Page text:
The home entrepreneurs business employs about 13.2 million people in the USA. It is estimated that about 50% of these are home based businesses. The assumption is that the home based businesses employs about 6.6 million people in the USA.

The home business industry is developing fast and becomes more important due to the following:

• The growth in the internet and the people connected to the internet. Two billion people are connected via the internet and this number grows by 200 million each year.

• Growth in the availability and lowering of the costs of broadband communication and connections worldwide has a positive influence on people connecting to the internet.

• The internet, increased online purchasing, money transfer mechanisms (notably PayPal), reliable global shipping, the decline in informal trade barriers and networks created through immigration have all made it easier for small businesses to serve global markets. The internet has been particularly important in enabling small businesses to cost effectively serve small market niches (the ‘long tail’ phenomenon).

• The development of computer technology, software, printers, dedicated telephone lines, and mobile phones creates new opportunities for the home based business and makes it more viable to operate a business from home. Affordable and powerful new technologies will continue to create new opportunities for the home based business. These technological developments will help to keep this industry growing.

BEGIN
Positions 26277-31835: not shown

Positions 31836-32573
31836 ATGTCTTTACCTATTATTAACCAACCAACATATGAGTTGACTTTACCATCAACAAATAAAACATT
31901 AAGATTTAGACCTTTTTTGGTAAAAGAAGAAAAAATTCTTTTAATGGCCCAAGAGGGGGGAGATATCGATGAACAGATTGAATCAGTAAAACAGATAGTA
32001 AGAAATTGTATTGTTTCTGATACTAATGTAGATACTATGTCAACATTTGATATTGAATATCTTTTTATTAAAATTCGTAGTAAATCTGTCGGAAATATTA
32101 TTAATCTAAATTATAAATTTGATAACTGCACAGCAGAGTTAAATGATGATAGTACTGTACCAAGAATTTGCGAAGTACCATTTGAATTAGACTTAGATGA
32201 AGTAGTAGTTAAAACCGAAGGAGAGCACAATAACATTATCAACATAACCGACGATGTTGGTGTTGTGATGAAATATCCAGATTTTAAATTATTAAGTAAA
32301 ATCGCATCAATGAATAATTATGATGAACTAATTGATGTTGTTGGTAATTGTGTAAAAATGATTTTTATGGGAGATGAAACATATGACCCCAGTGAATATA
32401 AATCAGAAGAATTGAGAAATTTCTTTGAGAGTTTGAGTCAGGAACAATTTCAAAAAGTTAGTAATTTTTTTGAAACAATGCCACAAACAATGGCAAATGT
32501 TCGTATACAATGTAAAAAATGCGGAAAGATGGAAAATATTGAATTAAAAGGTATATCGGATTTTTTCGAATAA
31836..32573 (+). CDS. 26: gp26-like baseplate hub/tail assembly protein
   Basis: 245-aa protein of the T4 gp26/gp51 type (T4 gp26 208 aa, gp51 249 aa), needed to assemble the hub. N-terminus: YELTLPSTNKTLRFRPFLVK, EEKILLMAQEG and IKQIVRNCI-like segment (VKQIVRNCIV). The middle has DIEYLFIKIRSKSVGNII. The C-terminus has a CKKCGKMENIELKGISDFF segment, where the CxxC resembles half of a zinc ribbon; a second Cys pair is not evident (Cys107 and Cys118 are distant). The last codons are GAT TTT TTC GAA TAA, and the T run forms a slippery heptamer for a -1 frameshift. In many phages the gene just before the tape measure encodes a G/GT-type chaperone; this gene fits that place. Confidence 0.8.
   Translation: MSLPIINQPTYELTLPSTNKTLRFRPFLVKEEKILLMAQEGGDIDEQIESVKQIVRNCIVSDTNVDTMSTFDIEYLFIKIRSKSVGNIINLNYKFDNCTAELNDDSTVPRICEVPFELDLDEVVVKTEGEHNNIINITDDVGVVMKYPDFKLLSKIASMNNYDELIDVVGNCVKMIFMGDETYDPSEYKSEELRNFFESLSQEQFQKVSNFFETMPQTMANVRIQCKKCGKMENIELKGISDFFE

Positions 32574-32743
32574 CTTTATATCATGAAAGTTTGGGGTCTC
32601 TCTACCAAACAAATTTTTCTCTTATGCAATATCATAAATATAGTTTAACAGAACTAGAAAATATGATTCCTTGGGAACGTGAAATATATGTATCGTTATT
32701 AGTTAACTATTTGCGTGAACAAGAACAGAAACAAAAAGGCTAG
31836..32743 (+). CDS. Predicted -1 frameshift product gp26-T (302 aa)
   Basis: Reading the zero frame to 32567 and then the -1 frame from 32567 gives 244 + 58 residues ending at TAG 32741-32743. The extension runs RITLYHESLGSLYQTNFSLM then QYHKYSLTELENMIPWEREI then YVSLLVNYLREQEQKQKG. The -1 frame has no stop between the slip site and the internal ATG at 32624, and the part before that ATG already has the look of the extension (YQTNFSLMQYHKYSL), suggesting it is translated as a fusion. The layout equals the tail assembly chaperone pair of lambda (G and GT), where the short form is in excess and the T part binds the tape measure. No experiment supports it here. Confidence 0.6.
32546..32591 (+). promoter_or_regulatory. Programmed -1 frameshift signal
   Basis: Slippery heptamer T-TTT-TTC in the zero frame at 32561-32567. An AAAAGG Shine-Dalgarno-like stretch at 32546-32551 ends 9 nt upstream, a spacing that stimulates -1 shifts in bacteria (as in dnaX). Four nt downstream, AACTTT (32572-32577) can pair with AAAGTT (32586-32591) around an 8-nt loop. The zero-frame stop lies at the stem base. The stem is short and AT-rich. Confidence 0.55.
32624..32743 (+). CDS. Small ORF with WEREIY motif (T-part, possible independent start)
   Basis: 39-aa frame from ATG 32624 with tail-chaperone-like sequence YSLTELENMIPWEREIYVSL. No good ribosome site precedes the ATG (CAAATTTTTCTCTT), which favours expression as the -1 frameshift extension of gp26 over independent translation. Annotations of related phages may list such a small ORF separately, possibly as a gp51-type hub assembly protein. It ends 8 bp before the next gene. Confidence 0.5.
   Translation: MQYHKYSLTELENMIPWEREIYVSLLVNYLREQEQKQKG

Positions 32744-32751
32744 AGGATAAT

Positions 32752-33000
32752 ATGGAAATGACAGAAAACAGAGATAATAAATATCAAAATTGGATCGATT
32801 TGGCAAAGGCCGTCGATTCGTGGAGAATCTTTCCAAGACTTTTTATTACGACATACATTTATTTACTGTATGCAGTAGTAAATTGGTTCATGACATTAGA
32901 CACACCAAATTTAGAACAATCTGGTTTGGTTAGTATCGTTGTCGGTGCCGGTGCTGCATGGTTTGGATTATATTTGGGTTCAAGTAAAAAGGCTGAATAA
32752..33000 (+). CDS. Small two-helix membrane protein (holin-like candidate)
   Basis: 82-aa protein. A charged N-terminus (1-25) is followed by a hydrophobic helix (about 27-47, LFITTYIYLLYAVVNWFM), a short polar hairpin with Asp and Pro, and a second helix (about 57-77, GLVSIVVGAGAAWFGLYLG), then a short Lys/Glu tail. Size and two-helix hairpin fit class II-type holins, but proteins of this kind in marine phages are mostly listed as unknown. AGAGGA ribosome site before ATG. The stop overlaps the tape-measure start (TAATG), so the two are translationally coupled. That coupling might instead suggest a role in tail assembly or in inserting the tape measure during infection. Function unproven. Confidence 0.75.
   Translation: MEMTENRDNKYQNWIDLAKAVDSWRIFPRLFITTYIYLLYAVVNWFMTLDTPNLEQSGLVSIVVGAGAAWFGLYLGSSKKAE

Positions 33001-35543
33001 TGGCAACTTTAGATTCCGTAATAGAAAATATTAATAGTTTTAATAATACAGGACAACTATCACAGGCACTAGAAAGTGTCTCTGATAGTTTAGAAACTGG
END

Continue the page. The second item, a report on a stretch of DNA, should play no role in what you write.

• New innovations like:
o Express parcel delivery, distribution, cloud based IT services.
o Outsourcing, freelancing, communication technology, and the availability of skilled people in foreign countries makes it possible to not to have to perform all tasks at the premise of the home based business. It is easier to operate from a small premise at home.
o New business models have created new job opportunities for the development of home based business. Two examples are the network marketing industry, or multilevel marketing, and franchising.

• The growth of the knowledge and service based industries requires little office or working space and economies of scale does not apply.

• People are making lifestyle changes and prefer to work from home as it gives them flexibility, it saves time, and it eliminates commuting costs.

• The computer home business is not exclusively dependent on the local market to generate income, or for its financial existence; that makes this kind of business less vulnerable to economic cycles.

• Many people do need an extra source of income due to debt or other financial reasons and start their own home based business part time to generate a second income stream.

• With employer benefit packages being cut and the chances of losing a corporate job increasing, many view starting a home based business as no more risky than traditional employment. Job and income security drives people to start looking for and to develop an extra source of income for them.

• Due to demographic and social shifts. Aging baby boomers, women, Gen Y and others are all seeing home based business ownership as an increasingly viable work option. An interest in achieving work/life balance, flexibility, the opportunity to pursue a passion and working for your self are some of the reasons given for starting a home based business.